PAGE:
Dear Reader: Bizarre ways of local democracy + RAOB on the move

Inside the historic Grove House in Harrogate - until recently the national home of the RAOB.
Inside the historic Grove House in Harrogate - until recently the national home of the RAOB.

A personal column by Graham Chalmers

A step forward for small towns?

The Harrogate Advertiser's Graham Chalmers.

The Harrogate Advertiser's Graham Chalmers.

Knaresborough Mayor David Goode looked like a man with a lot on his plate when I met him in a nice new café off the town’s Market Place.
As well as he might. In addition to being in a public role were you’re expected to say ‘yes’ to everything, he’s also a town councillor and a borough councillor.
But the purpose of my visit concerned, perhaps, this hard-working but still smiling civic figure’s hardest task of all.
For the past four years he has been leading a working group of fellow town councillors, local business owners and local residents to come up with Knaresborough’s first-ever Neighbourhood Development Plan.
No, it’s the not been the easiest - or sexiest - of missions, the mayor explains to me with great patience as I sip on my coffee, but the end result could be significant.
Should Knaresborough’s first Neighbourhood Development Plan pass its final remaining hurdles, the document will carry legal weight in any future dealings on planning between the town council and its bigger brother down the road, Harrogate Borough Council.
It’s been a herculean task to get to the point where the public is now being asked to give its feedback online - as first set out in a new initiative by the Government in 2102.
And did I mention that this convoluted exercise in enhancing local democracy still has to win the approval of the borough council and, indeed, central government itself?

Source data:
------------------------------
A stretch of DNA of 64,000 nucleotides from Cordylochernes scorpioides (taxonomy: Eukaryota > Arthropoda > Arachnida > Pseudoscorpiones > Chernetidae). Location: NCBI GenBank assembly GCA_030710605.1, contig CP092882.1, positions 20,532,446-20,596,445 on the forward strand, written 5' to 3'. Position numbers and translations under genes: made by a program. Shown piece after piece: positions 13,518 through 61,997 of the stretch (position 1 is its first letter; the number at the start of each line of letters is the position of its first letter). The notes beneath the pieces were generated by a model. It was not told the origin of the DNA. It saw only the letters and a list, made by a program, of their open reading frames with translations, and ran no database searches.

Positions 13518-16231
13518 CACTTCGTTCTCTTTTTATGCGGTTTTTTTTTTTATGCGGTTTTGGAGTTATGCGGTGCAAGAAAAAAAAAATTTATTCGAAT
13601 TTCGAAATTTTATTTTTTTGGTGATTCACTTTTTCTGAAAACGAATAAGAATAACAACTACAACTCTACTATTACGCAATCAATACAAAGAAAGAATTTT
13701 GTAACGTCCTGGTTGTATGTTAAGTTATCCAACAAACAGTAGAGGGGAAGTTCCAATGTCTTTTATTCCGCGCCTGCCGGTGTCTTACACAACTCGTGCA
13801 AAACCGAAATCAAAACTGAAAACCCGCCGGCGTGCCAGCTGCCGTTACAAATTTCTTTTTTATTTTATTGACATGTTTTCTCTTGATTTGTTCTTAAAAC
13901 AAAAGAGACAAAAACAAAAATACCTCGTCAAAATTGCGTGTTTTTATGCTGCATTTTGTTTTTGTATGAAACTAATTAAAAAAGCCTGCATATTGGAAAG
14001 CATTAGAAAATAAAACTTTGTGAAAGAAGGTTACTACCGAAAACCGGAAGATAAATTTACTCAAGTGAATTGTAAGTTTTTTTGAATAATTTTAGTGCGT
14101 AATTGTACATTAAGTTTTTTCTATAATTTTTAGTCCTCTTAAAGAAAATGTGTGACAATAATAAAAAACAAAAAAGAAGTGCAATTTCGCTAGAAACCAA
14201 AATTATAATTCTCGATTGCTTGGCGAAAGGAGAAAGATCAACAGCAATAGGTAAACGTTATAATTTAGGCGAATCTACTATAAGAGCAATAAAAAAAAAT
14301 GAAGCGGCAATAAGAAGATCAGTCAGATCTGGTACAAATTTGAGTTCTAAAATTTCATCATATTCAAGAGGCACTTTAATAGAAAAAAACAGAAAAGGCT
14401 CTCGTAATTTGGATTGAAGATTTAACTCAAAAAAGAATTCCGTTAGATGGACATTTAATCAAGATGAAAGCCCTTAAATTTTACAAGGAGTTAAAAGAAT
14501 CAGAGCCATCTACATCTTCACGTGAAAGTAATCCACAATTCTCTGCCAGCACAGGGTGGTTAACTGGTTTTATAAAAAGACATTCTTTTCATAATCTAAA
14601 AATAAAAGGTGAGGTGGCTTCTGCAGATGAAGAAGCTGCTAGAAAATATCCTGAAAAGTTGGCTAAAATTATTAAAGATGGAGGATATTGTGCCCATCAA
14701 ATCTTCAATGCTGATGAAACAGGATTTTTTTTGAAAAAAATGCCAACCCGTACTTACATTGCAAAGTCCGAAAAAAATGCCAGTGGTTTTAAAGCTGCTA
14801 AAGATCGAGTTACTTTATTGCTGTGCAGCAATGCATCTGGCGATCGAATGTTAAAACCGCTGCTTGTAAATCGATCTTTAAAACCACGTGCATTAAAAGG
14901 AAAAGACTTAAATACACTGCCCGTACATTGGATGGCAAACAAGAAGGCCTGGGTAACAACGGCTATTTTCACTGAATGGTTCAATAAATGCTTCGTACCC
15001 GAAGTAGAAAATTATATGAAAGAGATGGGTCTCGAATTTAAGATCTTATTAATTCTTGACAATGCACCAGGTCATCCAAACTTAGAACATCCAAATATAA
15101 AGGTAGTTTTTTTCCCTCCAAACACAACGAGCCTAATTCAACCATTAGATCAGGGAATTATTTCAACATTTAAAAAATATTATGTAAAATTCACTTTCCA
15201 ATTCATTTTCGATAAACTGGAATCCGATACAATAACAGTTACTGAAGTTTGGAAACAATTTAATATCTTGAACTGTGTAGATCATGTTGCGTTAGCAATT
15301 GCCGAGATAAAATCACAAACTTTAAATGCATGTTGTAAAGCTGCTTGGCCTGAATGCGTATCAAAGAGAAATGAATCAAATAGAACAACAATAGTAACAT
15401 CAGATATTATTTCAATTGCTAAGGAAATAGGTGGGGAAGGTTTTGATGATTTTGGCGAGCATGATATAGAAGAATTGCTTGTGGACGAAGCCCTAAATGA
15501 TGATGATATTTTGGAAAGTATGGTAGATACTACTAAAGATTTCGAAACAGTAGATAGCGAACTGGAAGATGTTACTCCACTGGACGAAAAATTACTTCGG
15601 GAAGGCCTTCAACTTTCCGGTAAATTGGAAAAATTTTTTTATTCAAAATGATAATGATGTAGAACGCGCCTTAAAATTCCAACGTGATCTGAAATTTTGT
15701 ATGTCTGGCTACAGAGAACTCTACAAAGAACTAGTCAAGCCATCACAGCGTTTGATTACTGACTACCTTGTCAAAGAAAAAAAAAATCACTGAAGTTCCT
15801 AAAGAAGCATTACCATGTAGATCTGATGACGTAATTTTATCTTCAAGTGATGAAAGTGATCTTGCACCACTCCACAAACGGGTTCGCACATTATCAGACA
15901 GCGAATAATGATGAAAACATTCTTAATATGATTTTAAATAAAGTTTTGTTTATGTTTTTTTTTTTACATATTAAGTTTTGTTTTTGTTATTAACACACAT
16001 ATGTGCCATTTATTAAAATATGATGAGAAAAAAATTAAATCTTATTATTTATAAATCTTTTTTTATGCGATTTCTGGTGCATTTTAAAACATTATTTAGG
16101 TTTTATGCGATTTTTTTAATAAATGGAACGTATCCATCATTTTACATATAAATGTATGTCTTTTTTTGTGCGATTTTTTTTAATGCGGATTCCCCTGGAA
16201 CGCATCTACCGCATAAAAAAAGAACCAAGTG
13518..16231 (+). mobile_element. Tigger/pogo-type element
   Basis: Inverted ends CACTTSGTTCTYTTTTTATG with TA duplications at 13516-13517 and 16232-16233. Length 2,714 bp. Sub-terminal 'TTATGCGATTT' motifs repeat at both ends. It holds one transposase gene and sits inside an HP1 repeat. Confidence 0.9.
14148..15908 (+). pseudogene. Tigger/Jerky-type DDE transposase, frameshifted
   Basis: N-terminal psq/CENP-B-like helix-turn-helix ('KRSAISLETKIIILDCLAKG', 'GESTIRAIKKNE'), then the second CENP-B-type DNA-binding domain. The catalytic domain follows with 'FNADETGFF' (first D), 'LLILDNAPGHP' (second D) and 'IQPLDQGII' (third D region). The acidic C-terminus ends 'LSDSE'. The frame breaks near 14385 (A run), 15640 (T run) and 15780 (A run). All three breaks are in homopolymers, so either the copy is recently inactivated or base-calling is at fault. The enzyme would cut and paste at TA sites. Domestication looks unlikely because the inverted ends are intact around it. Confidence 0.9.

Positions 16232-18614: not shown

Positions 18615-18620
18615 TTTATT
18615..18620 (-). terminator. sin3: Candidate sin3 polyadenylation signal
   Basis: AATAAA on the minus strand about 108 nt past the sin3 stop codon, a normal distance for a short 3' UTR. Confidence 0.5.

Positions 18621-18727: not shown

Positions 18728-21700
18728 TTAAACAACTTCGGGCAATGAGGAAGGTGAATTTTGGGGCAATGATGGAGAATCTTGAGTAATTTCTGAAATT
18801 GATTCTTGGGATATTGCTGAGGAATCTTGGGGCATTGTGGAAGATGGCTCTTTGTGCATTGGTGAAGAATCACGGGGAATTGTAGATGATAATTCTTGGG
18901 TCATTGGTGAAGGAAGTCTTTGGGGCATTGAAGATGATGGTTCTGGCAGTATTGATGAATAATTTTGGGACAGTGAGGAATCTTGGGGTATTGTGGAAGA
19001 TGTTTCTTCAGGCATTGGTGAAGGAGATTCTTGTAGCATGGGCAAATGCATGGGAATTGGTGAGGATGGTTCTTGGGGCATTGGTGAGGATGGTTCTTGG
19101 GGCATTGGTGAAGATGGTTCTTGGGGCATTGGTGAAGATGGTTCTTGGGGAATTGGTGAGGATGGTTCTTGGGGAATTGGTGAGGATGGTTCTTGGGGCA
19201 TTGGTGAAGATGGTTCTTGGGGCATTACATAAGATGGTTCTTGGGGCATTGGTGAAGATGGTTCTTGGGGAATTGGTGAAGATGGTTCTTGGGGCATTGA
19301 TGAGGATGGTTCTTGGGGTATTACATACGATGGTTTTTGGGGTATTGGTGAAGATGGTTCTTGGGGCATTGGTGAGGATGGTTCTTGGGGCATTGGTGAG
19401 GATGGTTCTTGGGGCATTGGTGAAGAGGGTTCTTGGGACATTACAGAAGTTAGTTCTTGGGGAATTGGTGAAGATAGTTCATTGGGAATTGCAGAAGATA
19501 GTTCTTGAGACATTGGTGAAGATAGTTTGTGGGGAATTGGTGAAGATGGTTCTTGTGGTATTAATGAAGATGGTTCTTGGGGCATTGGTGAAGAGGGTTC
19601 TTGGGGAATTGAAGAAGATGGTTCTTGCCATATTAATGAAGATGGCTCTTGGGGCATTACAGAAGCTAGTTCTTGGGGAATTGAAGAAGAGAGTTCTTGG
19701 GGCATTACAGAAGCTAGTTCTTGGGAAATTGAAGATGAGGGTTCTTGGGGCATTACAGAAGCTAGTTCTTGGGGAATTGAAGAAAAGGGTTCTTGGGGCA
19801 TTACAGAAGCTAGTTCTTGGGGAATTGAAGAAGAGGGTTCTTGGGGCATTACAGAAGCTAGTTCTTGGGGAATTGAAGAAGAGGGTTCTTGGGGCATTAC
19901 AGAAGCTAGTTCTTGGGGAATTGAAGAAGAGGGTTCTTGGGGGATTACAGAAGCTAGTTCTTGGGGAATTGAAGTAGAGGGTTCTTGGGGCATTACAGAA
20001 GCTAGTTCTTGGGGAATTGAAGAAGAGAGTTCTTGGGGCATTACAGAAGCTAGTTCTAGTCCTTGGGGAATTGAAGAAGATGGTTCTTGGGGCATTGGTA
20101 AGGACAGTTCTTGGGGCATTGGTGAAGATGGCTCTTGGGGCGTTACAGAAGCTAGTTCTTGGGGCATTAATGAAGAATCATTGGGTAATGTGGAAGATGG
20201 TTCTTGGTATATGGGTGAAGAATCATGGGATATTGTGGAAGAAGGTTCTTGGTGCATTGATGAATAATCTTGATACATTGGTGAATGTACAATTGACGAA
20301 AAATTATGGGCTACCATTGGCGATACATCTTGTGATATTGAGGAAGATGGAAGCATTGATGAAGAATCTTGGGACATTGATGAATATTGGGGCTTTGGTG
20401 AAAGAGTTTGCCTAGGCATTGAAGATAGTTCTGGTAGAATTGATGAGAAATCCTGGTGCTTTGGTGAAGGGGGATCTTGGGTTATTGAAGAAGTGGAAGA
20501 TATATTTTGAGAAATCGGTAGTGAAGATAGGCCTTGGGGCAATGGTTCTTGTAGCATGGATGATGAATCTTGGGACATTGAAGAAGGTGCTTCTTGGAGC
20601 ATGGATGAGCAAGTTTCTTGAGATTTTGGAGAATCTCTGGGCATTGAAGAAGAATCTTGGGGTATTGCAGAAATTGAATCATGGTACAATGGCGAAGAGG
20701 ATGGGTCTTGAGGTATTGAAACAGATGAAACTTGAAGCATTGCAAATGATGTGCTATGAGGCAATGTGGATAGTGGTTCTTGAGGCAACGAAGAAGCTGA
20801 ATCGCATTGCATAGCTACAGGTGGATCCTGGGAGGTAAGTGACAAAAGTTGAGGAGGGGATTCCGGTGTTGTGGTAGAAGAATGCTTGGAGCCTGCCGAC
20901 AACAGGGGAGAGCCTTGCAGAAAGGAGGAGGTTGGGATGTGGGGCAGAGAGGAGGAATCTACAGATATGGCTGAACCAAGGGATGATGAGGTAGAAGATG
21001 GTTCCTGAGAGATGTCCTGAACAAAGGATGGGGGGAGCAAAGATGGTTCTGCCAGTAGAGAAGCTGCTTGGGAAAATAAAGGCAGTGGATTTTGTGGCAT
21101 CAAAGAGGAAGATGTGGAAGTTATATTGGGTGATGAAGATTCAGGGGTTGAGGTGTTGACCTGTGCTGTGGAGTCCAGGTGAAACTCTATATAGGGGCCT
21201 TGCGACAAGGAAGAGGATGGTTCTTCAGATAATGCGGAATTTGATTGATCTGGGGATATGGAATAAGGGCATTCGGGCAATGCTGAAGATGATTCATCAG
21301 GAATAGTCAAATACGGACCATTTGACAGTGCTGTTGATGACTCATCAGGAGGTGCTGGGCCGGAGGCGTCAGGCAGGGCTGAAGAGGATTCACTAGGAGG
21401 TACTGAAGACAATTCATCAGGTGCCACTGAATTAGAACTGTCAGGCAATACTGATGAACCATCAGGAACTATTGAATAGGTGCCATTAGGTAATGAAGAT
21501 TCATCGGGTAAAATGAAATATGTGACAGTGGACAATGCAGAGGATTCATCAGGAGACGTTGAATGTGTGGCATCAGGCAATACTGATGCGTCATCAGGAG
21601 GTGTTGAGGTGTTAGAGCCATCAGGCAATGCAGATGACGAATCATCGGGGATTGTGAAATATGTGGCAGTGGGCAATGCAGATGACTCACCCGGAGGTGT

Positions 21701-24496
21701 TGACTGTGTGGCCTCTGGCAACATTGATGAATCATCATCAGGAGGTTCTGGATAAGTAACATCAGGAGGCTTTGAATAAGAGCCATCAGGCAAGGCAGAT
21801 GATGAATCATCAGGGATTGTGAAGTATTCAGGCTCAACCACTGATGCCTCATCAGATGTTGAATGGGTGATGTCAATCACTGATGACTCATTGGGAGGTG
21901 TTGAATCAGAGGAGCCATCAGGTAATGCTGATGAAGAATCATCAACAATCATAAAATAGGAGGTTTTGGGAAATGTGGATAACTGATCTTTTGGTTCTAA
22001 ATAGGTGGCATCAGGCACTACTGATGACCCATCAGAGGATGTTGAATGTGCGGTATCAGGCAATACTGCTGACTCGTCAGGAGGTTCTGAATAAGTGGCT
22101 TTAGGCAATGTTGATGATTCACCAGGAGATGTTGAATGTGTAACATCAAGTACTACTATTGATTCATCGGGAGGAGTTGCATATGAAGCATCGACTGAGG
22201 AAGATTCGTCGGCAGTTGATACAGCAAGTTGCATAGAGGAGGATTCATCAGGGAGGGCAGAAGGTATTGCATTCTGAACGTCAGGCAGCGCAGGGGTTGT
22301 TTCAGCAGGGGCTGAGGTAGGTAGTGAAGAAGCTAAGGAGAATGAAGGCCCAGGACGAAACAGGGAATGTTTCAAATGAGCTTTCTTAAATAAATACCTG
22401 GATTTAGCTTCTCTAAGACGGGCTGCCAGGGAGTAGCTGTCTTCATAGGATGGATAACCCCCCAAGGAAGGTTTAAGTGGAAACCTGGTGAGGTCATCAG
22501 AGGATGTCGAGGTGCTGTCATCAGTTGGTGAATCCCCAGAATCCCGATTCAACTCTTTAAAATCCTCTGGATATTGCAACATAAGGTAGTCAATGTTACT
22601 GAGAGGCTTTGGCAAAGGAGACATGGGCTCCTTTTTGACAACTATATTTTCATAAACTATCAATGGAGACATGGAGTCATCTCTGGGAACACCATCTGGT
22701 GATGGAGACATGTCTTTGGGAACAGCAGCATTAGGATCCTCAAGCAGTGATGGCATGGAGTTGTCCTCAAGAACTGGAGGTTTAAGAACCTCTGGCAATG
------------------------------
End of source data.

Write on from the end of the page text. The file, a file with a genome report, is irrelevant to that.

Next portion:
Nothing worth having, it seems, comes easy, though, fortunately, the Knaresborough mayor does seem to wear those chains of office lightly.

The royal order of Antelopes, sorry, that's not right...

My younger, less wise, self would have laughed at the RAOB’s very name but the Royal Antediluvian Order of Buffaloes are worth taking seriously.
The two local figures in one of Britain’s oldest charitable organisations sitting opposite me in Harrogate the other week were bright and purposeful but looked a little crestfallen.
The problem was where they were sitting - in a modern suite of offices off East Parade, not their stunning long-time home of Grove House off Skipton Road.
The move has been a recent one, made for good reasons.
But it has clearly hurt to have had to give up one of Harrogate’s grandest locations.
For 110 years the building first made famous by one of the town’s greatest sons, Samson Fox, served as the headquarters of this international order.
Fox may have turned this magnificent Grade II* listed manor house into a cross between a stately home and a private laboratory but in the hands of the RAOB it offered a welcome home to needy orphans.
Having met them in person I’ve got a feeling the RAOB are unlikely to be in their current home forever.
You don’t survive as an organisation for nearly 200 years without having the ability to overcome whatever changing times may throw at you.